On extra long days, we'll sit and watch the cars and trucks roll by on the sometimes busy street outside our back windows. We cheer as the big rigs and dump trucks struggle up the hill, shifting gears almost painfully. Occasionally, we'll spot a motorcycle gang out for a Saturday spin, or a group of bicyclists speeding by over the open road
Today, as the rain fell in symphonic movements, we spotted a lone biker trudging up the hill, head down, body raised high as the puddles splashed up around his wheels. I couldn't help but stare at him as the water rushed furiously on his face and I wondered why he'd made the decision to ride on an utterly miserable day, all alone on a long and difficult road.
It pelts us in the face, this mothering. Sometimes hard. Like bullets. There are no fans cheering us on along the way. Many of us are often without a team member there, forcing us to ride full speed ahead with few chances to fall back and grab water when we need it.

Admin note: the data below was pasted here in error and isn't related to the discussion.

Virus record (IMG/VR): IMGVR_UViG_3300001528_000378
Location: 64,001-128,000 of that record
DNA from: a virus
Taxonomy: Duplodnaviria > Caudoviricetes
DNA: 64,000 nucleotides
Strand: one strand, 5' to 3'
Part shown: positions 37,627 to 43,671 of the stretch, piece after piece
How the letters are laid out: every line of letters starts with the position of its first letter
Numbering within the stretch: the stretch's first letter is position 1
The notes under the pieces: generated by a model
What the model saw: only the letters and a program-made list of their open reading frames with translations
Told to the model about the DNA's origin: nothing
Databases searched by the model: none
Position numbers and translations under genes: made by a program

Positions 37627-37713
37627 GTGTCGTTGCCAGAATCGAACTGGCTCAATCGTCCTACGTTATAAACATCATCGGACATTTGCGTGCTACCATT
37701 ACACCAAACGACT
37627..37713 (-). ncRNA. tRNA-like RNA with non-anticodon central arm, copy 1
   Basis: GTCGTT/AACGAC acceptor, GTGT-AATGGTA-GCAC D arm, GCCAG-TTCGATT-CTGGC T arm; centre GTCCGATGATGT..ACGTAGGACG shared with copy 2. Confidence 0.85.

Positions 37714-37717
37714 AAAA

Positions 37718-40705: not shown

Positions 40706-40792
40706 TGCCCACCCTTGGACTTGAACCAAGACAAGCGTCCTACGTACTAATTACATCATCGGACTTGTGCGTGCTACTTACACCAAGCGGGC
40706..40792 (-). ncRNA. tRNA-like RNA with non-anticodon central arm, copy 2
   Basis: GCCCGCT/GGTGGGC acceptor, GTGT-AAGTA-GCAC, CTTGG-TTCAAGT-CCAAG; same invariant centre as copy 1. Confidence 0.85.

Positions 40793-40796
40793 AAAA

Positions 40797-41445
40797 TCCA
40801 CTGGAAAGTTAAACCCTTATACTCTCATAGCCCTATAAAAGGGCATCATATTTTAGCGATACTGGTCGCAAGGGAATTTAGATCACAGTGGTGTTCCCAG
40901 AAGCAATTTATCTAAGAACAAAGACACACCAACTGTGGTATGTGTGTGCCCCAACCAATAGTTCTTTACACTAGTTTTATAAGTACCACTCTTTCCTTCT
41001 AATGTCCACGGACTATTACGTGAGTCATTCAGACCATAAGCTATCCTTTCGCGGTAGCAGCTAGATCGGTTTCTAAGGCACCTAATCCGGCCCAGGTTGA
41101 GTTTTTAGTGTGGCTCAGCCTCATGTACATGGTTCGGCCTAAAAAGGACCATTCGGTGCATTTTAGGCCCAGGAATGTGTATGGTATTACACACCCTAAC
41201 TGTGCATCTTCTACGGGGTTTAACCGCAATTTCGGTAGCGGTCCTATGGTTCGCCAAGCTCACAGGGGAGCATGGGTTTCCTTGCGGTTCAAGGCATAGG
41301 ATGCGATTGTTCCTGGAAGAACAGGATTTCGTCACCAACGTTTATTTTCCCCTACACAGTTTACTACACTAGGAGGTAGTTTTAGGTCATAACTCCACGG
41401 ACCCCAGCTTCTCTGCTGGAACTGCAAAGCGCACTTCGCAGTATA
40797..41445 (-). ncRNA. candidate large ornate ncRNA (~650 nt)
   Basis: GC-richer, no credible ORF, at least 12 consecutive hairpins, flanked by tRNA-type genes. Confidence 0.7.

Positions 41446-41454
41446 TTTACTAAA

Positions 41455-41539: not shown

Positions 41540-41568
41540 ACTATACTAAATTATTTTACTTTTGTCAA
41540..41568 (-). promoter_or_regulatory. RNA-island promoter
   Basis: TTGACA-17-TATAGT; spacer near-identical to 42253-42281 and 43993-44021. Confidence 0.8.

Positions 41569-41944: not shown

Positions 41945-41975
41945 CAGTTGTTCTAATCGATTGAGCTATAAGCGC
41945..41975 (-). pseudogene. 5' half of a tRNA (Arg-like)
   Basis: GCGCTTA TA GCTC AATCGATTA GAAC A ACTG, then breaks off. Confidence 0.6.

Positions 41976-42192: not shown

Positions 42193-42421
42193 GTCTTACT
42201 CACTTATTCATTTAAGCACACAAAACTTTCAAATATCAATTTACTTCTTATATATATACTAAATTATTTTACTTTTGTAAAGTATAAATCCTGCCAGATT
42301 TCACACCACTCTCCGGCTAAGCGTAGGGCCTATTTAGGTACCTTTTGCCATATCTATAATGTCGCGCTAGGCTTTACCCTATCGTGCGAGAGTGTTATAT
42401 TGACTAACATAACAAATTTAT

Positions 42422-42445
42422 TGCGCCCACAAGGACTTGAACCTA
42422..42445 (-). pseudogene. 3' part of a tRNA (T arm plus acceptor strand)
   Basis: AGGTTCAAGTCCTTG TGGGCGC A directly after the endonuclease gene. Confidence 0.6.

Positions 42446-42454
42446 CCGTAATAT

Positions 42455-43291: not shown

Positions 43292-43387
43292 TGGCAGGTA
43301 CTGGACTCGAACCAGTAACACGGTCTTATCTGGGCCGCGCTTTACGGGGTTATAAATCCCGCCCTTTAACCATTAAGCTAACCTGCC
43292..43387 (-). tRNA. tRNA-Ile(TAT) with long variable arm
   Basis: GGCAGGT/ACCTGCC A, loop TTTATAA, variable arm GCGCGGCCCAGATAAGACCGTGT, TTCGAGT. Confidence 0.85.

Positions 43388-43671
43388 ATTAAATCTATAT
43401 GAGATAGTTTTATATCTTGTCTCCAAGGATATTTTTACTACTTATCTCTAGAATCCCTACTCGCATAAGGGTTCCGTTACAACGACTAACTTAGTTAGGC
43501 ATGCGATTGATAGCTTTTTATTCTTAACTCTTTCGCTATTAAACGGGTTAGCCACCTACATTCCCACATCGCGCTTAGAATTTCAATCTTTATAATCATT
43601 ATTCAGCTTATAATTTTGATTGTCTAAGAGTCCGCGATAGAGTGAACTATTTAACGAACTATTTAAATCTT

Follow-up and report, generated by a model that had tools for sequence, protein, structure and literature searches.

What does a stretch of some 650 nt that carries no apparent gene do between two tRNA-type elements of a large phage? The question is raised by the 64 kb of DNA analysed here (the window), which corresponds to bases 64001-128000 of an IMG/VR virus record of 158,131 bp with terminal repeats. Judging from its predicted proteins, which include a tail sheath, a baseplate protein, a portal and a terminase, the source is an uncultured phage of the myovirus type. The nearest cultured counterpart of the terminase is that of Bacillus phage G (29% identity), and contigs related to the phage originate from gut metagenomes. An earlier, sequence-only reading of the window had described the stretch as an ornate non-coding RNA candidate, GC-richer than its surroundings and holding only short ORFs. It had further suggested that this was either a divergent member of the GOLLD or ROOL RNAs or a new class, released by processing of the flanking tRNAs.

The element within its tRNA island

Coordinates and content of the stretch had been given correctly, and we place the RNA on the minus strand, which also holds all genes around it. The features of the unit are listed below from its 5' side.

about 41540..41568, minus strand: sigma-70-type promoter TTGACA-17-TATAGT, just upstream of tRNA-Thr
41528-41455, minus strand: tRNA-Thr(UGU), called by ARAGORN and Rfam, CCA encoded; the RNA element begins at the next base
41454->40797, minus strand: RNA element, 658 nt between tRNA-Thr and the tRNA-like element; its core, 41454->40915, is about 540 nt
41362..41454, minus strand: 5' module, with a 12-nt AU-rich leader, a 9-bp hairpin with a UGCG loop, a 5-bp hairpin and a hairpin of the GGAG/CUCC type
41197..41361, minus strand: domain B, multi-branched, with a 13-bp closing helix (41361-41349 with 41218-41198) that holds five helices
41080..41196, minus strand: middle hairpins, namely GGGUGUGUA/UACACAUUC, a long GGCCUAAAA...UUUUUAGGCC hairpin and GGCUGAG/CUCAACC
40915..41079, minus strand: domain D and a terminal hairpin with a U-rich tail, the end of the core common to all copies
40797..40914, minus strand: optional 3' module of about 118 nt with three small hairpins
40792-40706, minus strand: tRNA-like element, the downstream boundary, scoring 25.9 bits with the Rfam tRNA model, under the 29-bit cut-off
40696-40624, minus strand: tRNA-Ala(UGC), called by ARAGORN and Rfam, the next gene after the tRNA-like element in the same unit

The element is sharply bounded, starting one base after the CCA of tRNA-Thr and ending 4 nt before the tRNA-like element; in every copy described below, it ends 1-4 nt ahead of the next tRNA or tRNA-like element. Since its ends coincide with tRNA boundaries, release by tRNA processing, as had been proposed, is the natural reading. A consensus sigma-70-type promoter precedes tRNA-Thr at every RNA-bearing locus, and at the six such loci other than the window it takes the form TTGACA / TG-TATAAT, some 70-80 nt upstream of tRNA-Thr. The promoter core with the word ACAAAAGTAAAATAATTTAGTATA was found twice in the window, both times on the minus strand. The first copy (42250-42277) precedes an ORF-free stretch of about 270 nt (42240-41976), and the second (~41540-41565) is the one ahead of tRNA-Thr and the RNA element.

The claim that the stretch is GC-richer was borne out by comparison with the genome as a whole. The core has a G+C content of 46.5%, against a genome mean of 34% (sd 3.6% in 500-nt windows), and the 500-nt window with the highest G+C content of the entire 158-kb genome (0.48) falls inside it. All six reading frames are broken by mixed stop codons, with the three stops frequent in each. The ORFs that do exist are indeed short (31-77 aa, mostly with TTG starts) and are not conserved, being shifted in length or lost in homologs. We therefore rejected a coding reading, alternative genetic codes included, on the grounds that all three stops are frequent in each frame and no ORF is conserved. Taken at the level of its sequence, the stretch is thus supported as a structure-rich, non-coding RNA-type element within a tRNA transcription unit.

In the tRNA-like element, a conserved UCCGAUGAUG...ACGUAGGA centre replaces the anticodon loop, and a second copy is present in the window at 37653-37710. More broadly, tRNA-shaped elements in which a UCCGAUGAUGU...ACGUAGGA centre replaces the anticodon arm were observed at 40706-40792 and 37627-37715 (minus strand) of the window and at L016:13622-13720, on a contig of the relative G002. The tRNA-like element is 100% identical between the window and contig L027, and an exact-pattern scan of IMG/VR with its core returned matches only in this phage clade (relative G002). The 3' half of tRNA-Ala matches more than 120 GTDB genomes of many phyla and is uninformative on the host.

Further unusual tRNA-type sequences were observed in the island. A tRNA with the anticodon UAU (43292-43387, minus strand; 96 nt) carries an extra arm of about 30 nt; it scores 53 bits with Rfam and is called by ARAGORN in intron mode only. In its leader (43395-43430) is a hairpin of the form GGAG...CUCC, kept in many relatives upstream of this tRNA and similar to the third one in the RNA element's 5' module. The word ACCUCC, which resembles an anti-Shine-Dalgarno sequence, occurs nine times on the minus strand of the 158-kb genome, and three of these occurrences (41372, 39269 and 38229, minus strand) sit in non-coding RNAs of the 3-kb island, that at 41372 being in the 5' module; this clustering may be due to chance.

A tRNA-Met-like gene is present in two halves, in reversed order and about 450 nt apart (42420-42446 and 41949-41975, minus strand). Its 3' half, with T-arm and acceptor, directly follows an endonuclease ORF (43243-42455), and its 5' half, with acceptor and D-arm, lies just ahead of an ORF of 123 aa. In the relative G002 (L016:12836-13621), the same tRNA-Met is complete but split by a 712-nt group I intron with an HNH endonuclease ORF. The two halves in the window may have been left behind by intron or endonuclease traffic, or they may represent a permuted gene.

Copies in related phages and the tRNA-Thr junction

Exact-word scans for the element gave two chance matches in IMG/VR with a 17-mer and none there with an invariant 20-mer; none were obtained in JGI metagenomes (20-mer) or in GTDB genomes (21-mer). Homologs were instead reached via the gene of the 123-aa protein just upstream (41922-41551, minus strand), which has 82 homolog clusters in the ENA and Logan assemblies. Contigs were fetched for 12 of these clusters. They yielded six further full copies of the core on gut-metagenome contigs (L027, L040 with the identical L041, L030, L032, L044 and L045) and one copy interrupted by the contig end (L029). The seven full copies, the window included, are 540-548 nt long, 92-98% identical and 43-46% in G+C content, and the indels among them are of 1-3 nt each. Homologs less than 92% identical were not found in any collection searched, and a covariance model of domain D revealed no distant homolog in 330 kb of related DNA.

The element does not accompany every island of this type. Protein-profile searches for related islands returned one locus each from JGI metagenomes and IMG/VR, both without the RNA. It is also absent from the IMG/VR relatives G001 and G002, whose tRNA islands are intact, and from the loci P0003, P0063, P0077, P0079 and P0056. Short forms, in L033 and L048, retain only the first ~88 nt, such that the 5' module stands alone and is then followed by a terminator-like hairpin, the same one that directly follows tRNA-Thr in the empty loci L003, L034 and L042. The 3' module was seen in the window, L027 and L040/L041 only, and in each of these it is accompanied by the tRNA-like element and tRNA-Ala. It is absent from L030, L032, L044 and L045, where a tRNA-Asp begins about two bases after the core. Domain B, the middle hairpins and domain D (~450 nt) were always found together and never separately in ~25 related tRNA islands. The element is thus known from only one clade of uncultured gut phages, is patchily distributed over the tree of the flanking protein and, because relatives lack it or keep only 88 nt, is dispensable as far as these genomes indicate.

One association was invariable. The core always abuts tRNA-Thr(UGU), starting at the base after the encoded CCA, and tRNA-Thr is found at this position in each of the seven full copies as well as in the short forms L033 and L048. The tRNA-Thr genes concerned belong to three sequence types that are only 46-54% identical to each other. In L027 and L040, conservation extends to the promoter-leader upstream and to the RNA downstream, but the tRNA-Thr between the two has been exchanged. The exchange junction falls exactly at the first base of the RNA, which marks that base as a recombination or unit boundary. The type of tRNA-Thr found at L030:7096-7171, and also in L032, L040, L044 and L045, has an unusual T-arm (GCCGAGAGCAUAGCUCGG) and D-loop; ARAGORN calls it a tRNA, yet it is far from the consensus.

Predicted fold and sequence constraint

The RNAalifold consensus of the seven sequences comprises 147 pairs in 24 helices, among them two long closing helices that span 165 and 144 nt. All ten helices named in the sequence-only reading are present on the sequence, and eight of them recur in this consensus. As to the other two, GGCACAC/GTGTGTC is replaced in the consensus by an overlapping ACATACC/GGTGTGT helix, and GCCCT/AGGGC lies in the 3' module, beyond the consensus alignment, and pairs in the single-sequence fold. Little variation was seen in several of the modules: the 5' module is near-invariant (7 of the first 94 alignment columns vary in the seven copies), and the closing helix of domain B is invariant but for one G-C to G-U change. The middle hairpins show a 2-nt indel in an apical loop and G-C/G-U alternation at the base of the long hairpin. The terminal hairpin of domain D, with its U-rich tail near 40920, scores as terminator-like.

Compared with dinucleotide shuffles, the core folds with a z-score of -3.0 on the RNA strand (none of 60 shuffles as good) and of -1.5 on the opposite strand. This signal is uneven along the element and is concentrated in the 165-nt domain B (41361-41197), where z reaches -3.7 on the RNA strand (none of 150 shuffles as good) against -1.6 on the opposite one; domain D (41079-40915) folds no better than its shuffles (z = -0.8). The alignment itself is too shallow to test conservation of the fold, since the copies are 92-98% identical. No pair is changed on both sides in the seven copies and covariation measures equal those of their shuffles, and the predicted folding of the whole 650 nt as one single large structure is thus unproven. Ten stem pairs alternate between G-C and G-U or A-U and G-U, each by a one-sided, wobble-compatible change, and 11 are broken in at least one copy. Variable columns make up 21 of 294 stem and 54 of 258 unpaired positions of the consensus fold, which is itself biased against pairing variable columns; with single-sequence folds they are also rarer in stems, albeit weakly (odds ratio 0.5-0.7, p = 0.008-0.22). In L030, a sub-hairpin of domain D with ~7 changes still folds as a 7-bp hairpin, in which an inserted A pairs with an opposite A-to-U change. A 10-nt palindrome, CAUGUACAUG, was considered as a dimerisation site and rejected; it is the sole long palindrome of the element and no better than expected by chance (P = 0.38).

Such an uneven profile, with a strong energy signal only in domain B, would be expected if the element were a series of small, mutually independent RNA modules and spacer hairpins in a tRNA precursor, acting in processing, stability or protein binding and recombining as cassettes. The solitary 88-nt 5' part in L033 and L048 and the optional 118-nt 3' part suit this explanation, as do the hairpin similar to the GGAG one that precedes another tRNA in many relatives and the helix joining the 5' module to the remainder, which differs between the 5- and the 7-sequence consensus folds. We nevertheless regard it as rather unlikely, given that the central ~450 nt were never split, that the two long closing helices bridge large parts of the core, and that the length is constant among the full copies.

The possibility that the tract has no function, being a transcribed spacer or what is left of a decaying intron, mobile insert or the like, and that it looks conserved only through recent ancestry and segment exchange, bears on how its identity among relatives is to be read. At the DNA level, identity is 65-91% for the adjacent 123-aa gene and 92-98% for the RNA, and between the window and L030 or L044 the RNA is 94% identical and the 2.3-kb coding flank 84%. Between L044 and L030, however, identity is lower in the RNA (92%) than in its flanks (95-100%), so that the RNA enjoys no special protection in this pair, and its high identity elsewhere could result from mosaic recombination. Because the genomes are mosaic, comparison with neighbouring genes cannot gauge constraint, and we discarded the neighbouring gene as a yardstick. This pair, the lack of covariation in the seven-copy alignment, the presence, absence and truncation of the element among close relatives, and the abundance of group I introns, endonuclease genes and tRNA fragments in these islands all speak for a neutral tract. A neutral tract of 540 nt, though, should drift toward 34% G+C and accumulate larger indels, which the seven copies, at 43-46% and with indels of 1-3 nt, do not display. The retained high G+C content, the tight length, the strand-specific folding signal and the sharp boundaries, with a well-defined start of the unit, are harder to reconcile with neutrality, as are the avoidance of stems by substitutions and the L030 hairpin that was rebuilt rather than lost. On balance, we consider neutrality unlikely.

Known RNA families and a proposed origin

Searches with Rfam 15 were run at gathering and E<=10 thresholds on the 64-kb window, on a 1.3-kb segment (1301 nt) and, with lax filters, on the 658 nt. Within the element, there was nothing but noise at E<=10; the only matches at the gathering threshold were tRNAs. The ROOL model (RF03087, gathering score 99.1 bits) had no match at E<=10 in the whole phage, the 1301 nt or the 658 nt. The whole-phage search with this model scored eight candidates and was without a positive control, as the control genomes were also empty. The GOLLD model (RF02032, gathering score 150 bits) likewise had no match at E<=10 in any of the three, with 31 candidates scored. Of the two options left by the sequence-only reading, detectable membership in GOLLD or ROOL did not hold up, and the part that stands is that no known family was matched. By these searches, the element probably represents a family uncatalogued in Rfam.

Like the biker, we make our choices, and own them, knowing that every day is not going to be the best one.
We'll have those moments, those perfect snippets of wonder, where the road is smooth and the sky is bright, and the warm soft breeze on our face reminds us why we stepped out for a ride.
But then there are days, so many days, that we're forced out into a cold wet rain and there's just no helmet hard enough and no visor thick enough to protect us from the inevitable bumps and bad weather that are bound to happen on this journey.
We forage ahead, not slowing down for fear that we won't be able to start again. And the only thing keeping us from stopping is that we know what lies on the other side -- the downhill rush, our legs free from pedaling and our faces lifted up to feel the air as it skims across our skin.
The good days.
It is that feeling and the memory of those days that keep me moving when I have no earthly business being anywhere near a bicycle.